It was a Jesse Jackson style Rainbow Coalition for the 21st century which put Obama over the top, with his campaign garnering overwhelming majority support within the black and latino voting constituencies; along with a significant minority of mostly young white supporters.

Back on the home front, I go to a restaurant most mornings which has about 12 white Bermudians as regular customers. I know most of them and frequently we discuss local and international politics.

An informal poll that I conducted before the U.S. election showed that only about three of the 12 were solidly for Obama. Of the remaining nine about seven were certainly pro McCain and/or not willing to support Obama.

Now some are the type of white Bermudians who would never vote for a black man unless he or she was a candidate for the UBP. It just makes them feel safe about supporting a black candidate I guess - as in, "he's black, but he's our type of black'.

In other words, and as the Premier indicated, if Obama was running for the PLP as a candidate in say Paget West, he would certainly lose; but place him as a candidate for the UBP and he would be the second coming of Jesus. Don't believe me, just ask Sir John Swan or Shawn Crockwell.

Perceived threat

And the others in the anti-Obama wing of the restaurant would have been those who opposed Obama, because of the perceived threat which he represented to Bermuda's status as a major offshore business centre; although, I suspect even among this group of four or five, the previous comments in the preceding paragraph would readily apply as well.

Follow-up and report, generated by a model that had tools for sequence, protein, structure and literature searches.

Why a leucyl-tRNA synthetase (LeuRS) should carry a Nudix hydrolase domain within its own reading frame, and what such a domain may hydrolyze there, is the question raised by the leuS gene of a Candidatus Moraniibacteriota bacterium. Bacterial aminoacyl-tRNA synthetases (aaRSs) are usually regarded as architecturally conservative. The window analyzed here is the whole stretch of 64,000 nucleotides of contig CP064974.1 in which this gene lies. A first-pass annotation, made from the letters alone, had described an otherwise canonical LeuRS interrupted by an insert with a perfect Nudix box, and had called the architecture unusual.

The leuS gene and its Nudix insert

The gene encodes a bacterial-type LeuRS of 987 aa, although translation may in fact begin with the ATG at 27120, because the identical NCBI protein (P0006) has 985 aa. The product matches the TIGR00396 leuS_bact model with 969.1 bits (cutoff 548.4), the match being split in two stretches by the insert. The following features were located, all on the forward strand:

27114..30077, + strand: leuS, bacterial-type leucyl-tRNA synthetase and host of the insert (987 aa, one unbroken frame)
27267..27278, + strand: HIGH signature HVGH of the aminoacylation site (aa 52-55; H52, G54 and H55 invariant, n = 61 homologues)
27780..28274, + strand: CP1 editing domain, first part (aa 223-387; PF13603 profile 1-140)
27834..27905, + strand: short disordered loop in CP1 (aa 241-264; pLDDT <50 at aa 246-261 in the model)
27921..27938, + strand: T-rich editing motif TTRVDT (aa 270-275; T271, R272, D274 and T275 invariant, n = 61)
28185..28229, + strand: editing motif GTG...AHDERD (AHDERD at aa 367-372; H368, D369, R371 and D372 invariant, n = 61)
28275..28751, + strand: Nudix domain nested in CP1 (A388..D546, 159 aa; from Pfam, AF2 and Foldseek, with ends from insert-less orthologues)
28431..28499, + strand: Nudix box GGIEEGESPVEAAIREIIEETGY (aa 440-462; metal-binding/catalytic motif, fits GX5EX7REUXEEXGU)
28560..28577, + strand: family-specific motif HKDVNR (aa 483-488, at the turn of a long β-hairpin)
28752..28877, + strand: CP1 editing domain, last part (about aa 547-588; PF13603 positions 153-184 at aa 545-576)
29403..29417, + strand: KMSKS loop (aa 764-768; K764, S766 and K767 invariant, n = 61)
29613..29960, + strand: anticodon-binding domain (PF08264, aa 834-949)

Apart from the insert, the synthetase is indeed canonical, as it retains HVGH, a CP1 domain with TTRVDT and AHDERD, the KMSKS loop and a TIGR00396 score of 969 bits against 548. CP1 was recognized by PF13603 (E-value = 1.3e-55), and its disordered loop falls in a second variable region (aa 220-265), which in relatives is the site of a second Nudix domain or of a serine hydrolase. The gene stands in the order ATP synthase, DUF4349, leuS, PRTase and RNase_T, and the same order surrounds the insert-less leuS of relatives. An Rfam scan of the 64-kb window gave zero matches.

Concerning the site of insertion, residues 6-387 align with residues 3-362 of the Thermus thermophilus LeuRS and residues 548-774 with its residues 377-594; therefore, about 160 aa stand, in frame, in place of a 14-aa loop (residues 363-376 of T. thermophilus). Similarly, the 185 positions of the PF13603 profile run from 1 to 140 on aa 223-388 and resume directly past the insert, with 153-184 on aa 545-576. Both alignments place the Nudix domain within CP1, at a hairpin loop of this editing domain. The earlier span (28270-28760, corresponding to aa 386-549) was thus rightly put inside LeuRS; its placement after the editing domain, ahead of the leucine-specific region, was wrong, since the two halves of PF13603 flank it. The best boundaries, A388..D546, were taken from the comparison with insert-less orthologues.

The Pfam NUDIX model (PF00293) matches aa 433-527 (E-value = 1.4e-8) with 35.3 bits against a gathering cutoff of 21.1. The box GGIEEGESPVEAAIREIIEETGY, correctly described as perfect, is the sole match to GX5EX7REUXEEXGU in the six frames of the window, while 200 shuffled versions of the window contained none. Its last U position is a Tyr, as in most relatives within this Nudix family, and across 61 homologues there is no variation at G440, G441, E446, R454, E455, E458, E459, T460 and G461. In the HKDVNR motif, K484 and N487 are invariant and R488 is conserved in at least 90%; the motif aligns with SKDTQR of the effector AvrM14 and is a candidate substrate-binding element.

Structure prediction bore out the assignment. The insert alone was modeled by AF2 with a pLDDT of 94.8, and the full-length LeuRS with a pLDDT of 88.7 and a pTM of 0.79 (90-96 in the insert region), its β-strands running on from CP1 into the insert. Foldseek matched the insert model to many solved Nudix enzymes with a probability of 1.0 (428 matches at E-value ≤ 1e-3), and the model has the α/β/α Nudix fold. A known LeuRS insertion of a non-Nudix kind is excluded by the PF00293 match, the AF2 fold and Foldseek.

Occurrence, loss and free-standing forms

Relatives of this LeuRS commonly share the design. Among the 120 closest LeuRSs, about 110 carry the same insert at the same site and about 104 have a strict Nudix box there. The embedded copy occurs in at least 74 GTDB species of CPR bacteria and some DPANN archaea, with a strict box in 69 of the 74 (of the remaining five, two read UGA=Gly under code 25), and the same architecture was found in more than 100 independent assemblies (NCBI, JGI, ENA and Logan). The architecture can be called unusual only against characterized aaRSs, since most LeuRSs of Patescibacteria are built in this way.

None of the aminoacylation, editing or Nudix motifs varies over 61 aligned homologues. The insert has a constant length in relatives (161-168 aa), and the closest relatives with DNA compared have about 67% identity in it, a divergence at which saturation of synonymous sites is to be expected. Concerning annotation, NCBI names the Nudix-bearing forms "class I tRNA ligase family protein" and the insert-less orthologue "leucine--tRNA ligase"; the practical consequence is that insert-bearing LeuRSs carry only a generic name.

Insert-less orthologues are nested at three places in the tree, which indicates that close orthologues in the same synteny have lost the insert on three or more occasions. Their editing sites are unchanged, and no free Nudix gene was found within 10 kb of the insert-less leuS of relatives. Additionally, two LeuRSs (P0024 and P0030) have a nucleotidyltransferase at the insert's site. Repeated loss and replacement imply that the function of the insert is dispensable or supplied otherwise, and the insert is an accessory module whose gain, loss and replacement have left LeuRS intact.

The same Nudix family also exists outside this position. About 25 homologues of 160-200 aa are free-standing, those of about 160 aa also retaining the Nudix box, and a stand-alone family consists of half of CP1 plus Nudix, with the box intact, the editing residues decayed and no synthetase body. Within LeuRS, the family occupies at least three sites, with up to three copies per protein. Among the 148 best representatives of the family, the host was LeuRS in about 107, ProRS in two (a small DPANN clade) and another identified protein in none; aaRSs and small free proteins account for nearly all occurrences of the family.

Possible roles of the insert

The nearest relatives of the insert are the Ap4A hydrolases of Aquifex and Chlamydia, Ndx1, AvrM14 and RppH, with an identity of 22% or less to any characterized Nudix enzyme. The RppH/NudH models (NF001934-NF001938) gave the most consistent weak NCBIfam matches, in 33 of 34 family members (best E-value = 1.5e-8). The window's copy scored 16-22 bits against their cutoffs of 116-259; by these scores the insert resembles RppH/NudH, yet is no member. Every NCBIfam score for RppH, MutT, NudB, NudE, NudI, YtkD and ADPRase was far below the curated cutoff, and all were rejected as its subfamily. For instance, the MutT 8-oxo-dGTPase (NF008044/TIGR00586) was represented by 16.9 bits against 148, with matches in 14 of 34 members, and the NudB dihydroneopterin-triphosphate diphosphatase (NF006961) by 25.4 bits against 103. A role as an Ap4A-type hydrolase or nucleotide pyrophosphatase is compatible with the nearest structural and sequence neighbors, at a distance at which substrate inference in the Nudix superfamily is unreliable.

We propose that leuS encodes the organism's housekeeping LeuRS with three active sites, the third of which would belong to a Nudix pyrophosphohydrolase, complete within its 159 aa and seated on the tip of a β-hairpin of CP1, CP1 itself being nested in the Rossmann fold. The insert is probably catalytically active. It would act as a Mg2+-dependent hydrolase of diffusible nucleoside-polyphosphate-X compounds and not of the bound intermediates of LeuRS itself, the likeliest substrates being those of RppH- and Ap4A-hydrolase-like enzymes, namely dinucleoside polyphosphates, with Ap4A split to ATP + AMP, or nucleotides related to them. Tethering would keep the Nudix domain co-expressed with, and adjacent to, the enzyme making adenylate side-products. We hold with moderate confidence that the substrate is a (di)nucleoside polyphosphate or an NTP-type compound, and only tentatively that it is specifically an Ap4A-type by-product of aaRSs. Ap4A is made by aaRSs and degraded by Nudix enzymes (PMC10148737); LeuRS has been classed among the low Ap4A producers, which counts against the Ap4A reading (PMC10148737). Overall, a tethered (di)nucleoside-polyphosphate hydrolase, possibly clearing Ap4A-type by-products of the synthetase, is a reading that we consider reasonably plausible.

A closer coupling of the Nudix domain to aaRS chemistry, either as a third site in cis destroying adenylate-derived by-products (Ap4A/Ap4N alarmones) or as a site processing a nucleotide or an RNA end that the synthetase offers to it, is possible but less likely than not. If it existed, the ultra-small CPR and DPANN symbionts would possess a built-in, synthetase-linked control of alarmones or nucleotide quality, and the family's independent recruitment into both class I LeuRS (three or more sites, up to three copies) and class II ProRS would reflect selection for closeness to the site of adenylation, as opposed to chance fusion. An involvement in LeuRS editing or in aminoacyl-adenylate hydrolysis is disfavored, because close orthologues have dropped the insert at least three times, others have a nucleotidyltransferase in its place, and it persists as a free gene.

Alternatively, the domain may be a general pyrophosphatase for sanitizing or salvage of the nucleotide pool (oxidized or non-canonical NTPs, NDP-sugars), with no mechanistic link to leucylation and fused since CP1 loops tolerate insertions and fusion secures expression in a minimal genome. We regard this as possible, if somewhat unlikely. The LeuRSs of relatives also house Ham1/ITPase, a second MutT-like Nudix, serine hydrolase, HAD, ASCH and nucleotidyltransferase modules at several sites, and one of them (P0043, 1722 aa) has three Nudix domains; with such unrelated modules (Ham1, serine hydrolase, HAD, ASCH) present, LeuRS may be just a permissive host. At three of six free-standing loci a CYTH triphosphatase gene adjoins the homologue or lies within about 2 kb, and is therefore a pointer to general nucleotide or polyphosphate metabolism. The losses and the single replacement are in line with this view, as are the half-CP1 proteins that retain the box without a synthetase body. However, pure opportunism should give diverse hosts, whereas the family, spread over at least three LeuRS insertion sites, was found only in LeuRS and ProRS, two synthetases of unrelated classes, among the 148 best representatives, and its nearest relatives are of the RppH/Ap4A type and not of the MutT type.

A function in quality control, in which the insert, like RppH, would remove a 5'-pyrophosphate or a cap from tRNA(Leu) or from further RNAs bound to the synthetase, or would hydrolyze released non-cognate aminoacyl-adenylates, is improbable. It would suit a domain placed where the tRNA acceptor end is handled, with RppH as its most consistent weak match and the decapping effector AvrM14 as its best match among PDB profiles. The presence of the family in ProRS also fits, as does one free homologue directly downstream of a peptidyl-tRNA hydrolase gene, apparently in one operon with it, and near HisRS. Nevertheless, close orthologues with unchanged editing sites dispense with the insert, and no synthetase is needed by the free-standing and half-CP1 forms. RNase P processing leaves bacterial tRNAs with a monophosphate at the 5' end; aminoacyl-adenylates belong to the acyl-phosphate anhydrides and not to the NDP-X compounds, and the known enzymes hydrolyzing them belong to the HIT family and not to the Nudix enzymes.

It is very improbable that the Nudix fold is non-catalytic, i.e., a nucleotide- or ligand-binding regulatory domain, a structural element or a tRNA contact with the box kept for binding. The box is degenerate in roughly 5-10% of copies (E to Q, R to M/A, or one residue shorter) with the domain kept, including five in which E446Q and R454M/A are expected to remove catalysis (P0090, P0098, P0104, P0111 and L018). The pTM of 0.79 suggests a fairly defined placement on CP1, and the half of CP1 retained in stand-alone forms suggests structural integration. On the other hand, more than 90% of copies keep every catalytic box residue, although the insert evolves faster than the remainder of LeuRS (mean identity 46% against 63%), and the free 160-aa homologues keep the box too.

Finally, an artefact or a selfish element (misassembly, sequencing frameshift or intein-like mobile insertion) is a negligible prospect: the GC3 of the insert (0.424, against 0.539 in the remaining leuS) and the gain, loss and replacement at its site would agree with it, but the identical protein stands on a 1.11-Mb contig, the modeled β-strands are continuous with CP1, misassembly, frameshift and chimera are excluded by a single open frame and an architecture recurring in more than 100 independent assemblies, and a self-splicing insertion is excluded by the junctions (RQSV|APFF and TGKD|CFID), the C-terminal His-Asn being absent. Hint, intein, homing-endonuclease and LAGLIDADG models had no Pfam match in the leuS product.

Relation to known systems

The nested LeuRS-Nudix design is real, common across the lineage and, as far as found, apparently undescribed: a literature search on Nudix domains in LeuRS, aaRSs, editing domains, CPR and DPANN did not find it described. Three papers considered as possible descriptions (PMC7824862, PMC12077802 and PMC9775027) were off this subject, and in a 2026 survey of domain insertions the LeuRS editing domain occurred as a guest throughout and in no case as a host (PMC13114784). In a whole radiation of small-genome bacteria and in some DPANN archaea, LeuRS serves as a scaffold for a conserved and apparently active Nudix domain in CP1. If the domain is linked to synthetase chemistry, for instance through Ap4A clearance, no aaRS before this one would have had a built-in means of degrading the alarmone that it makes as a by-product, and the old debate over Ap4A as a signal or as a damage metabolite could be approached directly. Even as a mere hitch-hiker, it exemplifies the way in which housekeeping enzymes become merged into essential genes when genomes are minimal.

Remarkably, however, after the election - and taking their cue, I assume, from Dr. Gibbons - suddenly all the whites who gathered every morning at the restaurant were suddenly pro-Obama and would have voted for him without reservation, the Premier being the devil incarnate for suggesting otherwise.

But let's set the record straight; its obvious that we do not have a presidential system here; but rather a parliamentary system. The Premier was correct to point out that the only equivalent phenomenon to the Obama victory and what it represents racially in America, would be for the PLP to win an election and do so by garnering at least 10 to 15 per cent of the white Bermudian electorate - something it has never done in its history.

I was 11 years old in 1968 when the first election held under universal adult suffrage took place and up until the general election of 2007 whites have voted as an identifiable racial bloc for one party and one party only; that being the UBP save for the on average 1.5 to 2 per cent - bless their souls - who do vote for the PLP. To paraphrase Mike Winfield with respect to the UBP and white voters, that reservation is always full.

But the question remains, as MP Zane DeSilva articulated in the House of Assembly; is this continuing practice healthy for the democratic and political life of the country? Does the continuing prevalence of this behaviour directly contribute to the high degree of political polarization along racial lines which does exist?

Incidentally, DeSilva and the country are still waiting for a response from Dr. Gibbons and his colleagues on that one; but frankly I don't think it will be coming any time soon.